October 12, 2015
Federal agencies put together their budgets at the end of each fiscal year for the next year. Once that budget is approved, it becomes their forecasting report. Forecasting reports differ slightly from agency to agency. In general they represent the list of goods and services that the agency will be spending their budget on throughout the year. Contractors can use these reports to compile a list of potential government contract opportunities.
So how do you forecast for your contracting company?
First, we suggest knowing which agencies you want to target. This can be done by examining which agencies provided the greatest opportunity for contractors in your industry in previous years. USA Spending (USASpending.gov) is a great resource for that information. Once you have your target list, you can begin examining forecasting reports for those agencies. Most have a page on their website dedicated to procurement. The Environmental Protection Agency’s page is a good example: EPA Procurement Forecasting Database.
Some agencies’ forecasting reports offer general information, while others provide greater levels of detail. Generally, we can tell which goods or services are forecasted for the upcoming year as well as the purchasing timeframe. Certain agencies specify whether purchases will be made through open competition including such resources as DOD EMall or the GSA Schedule, the technical point of contact and the estimated value of the contract.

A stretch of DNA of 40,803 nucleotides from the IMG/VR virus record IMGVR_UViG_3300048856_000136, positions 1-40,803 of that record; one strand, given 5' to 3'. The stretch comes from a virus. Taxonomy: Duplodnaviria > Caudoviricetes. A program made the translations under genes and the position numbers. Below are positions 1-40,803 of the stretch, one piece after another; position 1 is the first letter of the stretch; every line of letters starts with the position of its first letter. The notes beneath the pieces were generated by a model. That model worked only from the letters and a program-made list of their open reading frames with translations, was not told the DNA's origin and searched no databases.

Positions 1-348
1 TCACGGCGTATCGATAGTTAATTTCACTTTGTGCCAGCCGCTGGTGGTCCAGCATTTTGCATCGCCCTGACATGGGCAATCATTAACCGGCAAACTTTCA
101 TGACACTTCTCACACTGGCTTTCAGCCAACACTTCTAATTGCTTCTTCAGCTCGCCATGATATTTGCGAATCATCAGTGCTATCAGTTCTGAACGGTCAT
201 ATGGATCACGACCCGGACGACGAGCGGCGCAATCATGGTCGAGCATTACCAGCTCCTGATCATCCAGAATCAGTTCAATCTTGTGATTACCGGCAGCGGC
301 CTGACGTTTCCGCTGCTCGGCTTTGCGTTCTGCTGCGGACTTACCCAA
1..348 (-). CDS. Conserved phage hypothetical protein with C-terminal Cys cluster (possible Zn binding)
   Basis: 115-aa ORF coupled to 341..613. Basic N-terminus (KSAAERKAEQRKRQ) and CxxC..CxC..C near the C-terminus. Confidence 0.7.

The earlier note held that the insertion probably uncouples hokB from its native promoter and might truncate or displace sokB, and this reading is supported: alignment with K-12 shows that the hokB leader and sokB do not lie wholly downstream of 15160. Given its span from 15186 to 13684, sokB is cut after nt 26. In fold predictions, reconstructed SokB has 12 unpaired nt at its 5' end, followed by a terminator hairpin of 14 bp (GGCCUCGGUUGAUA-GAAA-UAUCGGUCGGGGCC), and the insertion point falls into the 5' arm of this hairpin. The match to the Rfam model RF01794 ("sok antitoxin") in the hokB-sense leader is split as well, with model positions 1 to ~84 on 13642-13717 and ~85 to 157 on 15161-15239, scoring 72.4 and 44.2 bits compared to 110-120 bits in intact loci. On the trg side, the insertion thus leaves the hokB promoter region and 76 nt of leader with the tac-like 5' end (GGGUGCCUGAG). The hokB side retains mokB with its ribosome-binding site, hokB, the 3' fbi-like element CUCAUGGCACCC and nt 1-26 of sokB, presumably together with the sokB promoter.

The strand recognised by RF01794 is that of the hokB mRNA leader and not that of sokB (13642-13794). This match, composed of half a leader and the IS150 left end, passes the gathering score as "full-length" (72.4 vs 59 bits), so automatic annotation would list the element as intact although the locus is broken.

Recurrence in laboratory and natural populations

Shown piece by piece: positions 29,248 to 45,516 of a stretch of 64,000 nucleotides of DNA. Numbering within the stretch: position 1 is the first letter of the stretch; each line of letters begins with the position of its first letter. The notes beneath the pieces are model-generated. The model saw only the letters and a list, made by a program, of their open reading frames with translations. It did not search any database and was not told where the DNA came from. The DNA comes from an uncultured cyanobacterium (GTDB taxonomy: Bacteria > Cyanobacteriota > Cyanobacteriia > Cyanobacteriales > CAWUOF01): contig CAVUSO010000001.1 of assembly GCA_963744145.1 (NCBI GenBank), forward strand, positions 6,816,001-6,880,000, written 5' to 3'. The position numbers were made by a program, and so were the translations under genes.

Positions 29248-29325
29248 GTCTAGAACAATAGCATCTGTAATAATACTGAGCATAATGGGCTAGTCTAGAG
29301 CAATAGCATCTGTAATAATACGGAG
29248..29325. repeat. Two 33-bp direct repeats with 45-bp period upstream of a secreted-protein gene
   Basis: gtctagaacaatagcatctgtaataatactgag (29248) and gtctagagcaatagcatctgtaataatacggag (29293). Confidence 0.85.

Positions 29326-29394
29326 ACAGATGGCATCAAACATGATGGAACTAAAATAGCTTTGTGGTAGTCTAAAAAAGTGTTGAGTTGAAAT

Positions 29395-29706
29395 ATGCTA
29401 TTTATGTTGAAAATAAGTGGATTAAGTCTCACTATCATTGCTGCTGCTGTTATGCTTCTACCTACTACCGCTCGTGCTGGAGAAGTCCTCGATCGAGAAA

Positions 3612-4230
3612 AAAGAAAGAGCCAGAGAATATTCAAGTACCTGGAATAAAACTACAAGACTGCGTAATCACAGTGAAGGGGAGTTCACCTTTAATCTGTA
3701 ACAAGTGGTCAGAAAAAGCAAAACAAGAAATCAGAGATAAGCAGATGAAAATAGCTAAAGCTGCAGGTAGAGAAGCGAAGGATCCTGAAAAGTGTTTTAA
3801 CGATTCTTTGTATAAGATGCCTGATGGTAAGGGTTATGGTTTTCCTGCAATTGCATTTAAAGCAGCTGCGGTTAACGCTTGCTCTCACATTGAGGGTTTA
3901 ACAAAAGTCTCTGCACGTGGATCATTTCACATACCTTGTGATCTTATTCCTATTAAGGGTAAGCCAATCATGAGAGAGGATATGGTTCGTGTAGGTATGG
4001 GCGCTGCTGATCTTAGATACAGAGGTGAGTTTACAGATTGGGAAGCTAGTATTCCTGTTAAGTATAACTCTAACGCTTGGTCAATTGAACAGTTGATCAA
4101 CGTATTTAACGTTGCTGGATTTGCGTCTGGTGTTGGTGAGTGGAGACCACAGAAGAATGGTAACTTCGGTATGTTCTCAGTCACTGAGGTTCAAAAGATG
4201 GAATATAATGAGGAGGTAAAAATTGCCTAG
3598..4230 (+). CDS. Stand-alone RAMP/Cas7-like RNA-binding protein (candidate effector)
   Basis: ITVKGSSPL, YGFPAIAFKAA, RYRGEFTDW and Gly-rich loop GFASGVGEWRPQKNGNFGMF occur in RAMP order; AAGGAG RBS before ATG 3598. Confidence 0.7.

Once you have developed your list of procurement opportunities, rank them by priority. The opportunities posted the earliest should have the highest priority as their deadlines will likely arrive soonest. We then recommend reaching out to the point of contact and initiating a dialogue about that specific opportunity.
When starting the dialogue, focus on building a relationship with the potential buyer and gathering information about the specific opportunity. The most important question to ask when inquiring about an opportunity is about the existence of an incumbent. If an incumbent exists, the technical point of contact should provide you with their name. You might also inquire about the agency’s level of satisfaction with the incumbent and/or ask in what areas the agency would like to see improvement. Some agency purchasers will share this information. Some will not. But you should always ask. If no incumbent exists, find out if the agency plans on releasing a sources sought or Request For Information prior to the solicitation or if the Statement Of Work has already been prepared. If the Statement Of Work has not been prepared or finalized yet, you have the opportunity to offer your industry knowledge and expertise to the buyer.
Using forecasting reports as a tool in your government marketplace arsenal will give you the chance to be a more successful contractor.
This article was originally posted on October 12, 2015 and the information may no longer be current. For questions, please contact GRF CPAs & Advisors at firstname.lastname@example.org.